As tempting as it is to think this is a passage about church and state, that’s not what Jesus is talking about.  So what’s he talking about?  Stewardship.  What we do with what we have.     

Let’s think about it together.  “Render unto Caesar that which is Caesar’s.”  You do that right?  You pay your sales tax when you buy mayonnaise for your soggy sandwiches.  You pay your income tax to the state and the federal government each year.  Why do you do that?  Because you have no choice.  If you don’t, you’ll go to prison.  Jesus is no fool.  It was the same then as it is now.  He told people to give Caesar what belongs to him, because there was no use in resisting.  It wasn’t worth going to prison or the crucifix for giving Caesar a measly 10%.     

Now, onto the heart of Jesus’ message.  He said, “Render unto God what is God’s.”  Give God what belongs to God.  You do that, right?  What belongs to God?  One hour a week in one room?  Twenty bucks in the offering plate every now and then?  A prayer when you don’t fall asleep first?  Service to those in need…well, you did that a few years ago, and that still counts, right?  

NPR is doing their fund drive, which means it’s also the time of year in churches across the world where ministers will address their congregations asking them to thoughtfully and prayerfully consider what they give to the church.  Stewardship season.  I challenge you to do that, but I have something bigger in mind as well.  Think about this for a minute.  Jesus said that one should render to Caesar what is Caesar’s.  But what belongs to Caesar when our entire lives belong to God?  

The rule of thumb in our culture is to give 10% of your income to the church, which actually seems like a pittance when Jesus reminds us that everything we have belongs to God.  But still, why do we have that 10% rule of thumb?  Because when we pool our resources, we can do more good.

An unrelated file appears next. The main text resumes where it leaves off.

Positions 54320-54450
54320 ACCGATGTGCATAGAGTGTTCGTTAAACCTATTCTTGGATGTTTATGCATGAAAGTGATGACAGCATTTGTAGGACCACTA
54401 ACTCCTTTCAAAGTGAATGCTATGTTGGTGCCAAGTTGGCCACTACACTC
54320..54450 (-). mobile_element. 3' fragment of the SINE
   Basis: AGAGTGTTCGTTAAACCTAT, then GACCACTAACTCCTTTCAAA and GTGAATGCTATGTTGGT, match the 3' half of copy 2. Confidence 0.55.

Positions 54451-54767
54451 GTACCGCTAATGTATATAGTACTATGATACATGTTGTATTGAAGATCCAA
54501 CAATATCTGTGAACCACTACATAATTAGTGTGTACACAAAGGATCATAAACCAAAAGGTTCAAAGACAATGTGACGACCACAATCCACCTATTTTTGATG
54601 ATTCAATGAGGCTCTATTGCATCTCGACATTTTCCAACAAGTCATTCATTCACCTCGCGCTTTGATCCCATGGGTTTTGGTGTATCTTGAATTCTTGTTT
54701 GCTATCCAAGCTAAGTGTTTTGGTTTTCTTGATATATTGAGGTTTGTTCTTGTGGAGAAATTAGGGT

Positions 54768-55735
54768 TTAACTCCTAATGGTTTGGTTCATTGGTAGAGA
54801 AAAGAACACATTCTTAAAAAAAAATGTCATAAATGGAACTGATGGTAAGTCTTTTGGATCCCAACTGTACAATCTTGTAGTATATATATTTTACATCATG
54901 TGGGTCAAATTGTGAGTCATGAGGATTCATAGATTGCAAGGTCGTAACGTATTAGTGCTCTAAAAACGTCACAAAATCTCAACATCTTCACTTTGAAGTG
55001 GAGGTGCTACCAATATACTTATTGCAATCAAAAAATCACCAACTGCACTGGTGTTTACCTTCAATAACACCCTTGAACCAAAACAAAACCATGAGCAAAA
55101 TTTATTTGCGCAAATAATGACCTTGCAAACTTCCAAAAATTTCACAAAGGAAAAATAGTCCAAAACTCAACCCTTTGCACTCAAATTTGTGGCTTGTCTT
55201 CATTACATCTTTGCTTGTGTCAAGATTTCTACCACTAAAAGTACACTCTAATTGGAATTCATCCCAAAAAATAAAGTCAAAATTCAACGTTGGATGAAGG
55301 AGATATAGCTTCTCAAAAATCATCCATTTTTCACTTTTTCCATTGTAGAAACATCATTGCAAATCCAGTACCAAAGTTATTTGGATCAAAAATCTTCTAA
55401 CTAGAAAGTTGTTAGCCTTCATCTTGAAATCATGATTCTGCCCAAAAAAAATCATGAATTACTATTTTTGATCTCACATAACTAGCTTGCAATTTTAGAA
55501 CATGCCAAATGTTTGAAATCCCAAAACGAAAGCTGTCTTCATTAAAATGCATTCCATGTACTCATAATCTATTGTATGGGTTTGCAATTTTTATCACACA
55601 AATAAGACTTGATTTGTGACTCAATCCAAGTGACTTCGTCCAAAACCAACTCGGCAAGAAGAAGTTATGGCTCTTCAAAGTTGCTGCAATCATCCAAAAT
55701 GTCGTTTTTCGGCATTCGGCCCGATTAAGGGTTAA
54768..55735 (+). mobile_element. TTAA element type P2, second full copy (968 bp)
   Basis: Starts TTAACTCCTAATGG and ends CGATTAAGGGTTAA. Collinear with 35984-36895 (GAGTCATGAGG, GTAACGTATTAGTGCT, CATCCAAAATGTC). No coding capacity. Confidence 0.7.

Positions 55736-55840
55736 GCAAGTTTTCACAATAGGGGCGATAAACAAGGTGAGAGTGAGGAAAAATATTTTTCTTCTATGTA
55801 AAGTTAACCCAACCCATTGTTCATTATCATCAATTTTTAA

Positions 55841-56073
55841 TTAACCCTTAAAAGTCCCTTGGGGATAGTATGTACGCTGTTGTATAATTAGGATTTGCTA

Perhaps that’s why Jesus didn’t have any money in his pockets.  He didn’t need any.  They took care of each other in the early church.  They were a close-knit community that pooled their gifts from God and made sure there was plenty for everyone.  

That’s what the church is still called to do today.  We pool our resources, our gifts, our time, and our talents in order to do more good together in the name of God than we can do on our own.  God doesn’t just want 10%; even Caesar gets that much.  God wants all of us–our very lives to be used for good, for God!  

Let me give you one last thing to think about.  Roman taxes could only be paid with Roman currency.  And that’s still true for us.  You wouldn’t pay the IRS in pesos or euros, would you?  You pay taxes with the appropriate currency.  Romans made Roman currency, and they expected it back in taxes.  The US makes dollars, and the IRS expects it back in taxes.  

What currency do we use to pay God? God made us, and God expects us to render accordingly.  Since we belong to God, we are to give ourselves back to God.  No separation between one part of our lives and another. Render unto God that which is God’s, and we belong to God in full. Amen.